Our campaign is about raising awareness for the need to protect biodiversity and prevent human-caused extinction. Our audience for this topic could potentially be large, but due to the nature of the social media sites used for the campaign, our audience is mainly teenagers and young adults. Our purpose is to educate people about various species that are endangered or extinct, and about human-caused extinction. There are many other organizations that cover this topic, including World Wildlife Fund, Defenders of Wildlife, National Geographic, and more. We have provided links to these organizations’ campaigns, as well as shared some of their information and photographs. Several of the topics we cover in detail are extinction (specifically human-caused extinction), urbanization, and poaching.
We decided to utilize social media sites Tumblr and Twitter for our social media campaign. Both sites are consistent in their content and theme. We have it set so that posts on the Tumblr blog are automatically sent to the Twitter page (in text form), and the backgrounds and icon are identical for each page. This makes it more consistent and easy to tell that they are both part of the same campaign. I chose to limit our blog posts by using a single-column theme, in order to allow the viewer to better focus on the content without being overwhelmed. The photos are the main focal points of the blog, with the text posts being secondary and informative. The formatting is consistent and logical throughout the sites, so they are unified. In this way, I have used logos effectively. We appeal to the reader’s sense of ethos by using credible sources for our information (such as World Wildlife Fund). We appeal to the reader’s pathos by using images and photos that are meant to invoke some kind of emotion in our readers. The bright background pattern is positive and uplifting. It may promote a sense of optimism in our readers.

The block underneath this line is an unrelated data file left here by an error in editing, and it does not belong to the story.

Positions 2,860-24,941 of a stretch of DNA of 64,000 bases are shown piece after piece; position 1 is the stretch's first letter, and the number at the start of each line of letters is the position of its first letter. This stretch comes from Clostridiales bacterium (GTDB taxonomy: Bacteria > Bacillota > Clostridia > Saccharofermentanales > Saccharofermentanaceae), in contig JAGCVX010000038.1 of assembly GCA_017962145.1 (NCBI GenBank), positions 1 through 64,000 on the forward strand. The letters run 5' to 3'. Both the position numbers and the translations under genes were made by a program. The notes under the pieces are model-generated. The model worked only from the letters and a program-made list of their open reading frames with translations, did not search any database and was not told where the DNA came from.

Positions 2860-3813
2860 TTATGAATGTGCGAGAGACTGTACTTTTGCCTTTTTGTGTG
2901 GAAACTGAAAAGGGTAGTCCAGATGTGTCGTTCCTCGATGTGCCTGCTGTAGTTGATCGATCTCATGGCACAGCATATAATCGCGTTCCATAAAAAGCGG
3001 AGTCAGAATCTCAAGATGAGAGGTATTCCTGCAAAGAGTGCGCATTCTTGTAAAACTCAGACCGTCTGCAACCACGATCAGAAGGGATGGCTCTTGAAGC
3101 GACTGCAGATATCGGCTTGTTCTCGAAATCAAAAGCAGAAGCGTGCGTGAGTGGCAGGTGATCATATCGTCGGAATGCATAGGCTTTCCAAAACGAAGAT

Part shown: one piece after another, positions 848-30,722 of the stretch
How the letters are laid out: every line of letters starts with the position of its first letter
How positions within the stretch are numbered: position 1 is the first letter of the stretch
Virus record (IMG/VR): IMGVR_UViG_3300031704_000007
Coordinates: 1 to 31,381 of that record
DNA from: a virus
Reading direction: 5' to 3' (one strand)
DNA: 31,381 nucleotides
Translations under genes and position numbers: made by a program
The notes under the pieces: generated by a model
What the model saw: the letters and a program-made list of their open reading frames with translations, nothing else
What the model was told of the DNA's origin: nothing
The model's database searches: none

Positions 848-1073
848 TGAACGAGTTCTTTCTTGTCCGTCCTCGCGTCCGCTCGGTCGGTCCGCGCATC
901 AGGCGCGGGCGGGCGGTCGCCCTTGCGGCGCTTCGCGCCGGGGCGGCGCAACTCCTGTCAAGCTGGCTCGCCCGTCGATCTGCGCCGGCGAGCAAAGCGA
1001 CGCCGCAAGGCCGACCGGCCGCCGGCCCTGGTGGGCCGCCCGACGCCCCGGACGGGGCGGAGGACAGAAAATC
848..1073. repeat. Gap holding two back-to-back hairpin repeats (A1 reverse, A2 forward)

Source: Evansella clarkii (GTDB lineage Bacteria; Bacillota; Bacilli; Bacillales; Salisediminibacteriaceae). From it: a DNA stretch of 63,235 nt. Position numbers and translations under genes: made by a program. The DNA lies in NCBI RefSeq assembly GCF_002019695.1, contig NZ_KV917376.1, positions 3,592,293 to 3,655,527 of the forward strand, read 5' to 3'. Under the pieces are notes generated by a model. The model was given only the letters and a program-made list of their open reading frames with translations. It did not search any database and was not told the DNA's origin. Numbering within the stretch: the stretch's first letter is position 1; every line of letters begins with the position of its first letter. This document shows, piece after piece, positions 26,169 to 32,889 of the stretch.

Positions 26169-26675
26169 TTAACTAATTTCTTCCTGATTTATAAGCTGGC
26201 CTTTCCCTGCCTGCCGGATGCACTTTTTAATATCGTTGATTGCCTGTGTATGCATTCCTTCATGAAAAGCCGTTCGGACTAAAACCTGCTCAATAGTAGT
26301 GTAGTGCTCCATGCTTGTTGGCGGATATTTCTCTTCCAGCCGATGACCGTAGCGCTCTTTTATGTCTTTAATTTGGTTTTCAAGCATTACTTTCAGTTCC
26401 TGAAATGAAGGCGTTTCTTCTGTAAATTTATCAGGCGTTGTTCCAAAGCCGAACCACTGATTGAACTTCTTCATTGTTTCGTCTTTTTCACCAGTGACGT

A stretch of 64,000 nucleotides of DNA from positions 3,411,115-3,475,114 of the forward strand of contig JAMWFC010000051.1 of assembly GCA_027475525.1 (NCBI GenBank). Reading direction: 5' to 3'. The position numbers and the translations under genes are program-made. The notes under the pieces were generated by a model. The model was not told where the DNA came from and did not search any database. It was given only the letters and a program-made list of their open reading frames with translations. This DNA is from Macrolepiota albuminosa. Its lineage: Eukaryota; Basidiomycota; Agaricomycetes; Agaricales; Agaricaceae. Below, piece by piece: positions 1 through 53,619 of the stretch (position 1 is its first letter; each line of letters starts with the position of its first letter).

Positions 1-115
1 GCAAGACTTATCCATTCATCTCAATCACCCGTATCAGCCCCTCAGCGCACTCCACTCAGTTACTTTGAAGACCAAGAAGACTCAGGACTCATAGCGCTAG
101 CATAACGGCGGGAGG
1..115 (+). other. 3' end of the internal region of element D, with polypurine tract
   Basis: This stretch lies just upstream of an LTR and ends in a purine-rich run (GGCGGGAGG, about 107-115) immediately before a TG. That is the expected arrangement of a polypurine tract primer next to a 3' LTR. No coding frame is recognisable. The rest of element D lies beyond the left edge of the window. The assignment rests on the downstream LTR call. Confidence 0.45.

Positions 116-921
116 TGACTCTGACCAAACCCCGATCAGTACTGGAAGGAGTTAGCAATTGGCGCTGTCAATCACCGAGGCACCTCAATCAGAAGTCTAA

We used random user testing (“hallway testing”) for both of our campaign sites. I received some helpful feedback, although I chose to use only some of the feedback to make alterations to the blog. I attempted to change the Tumblr site drastically, but was never satisfied with the customizability of the new themes I tried. I attempted to alter some of the HTML on certain parts of the blog, such as in a new “links” page where I put several images that link to other species-related campaign sites. I also tried to make the links to each page of the site easier to tell apart by spacing them out and including dash marks between them (as suggested by my beta testing users). The positive responses about the amount of information we included and the navigability of the sites were heartening. Thanks to all of our feedback, I know that our campaign sites are fairly user-friendly and appealing to readers.
So far, our campaign sites don’t have a huge amount of followers – only about ten total. With any social media network, it can take quite a while to gain a large amount of followers and people who interact with you and your posts. It also takes a while to become an influential presence on these sites. Due to their nature, I was not under the impression that our campaign would be largely successful within such a short amount of time. However, I think that our sites themselves are working well together and have the potential to be vehicles for change. Our campaign topic is one that nearly everyone can relate to in some way, and there is no shortage of information on the species affected. Once our posts on each site are “retweeted” and “reblogged” by others that aren’t so specialized in what they post, the information can spread to a much larger group of users.
I hope that through our campaign sites we can educate others about the problems of human-caused extinction and species that are already extinct or are in danger of becoming extinct. It is our wish that readers that come across one or both of our campaign sites are inspired to go out and make a difference – to practice sustainability and environmental consciousness, and have a sense of global efficacy. Our campaign should act as a spring-board that inspires our readers to learn more on their own, and to go and contribute to organizations with more concrete campaigns, such as those we have linked to (like World Wildlife Fund and Defenders of Wildlife). Together, people have the power to make a difference, and the Internet is an incredible platform on which to begin doing just that.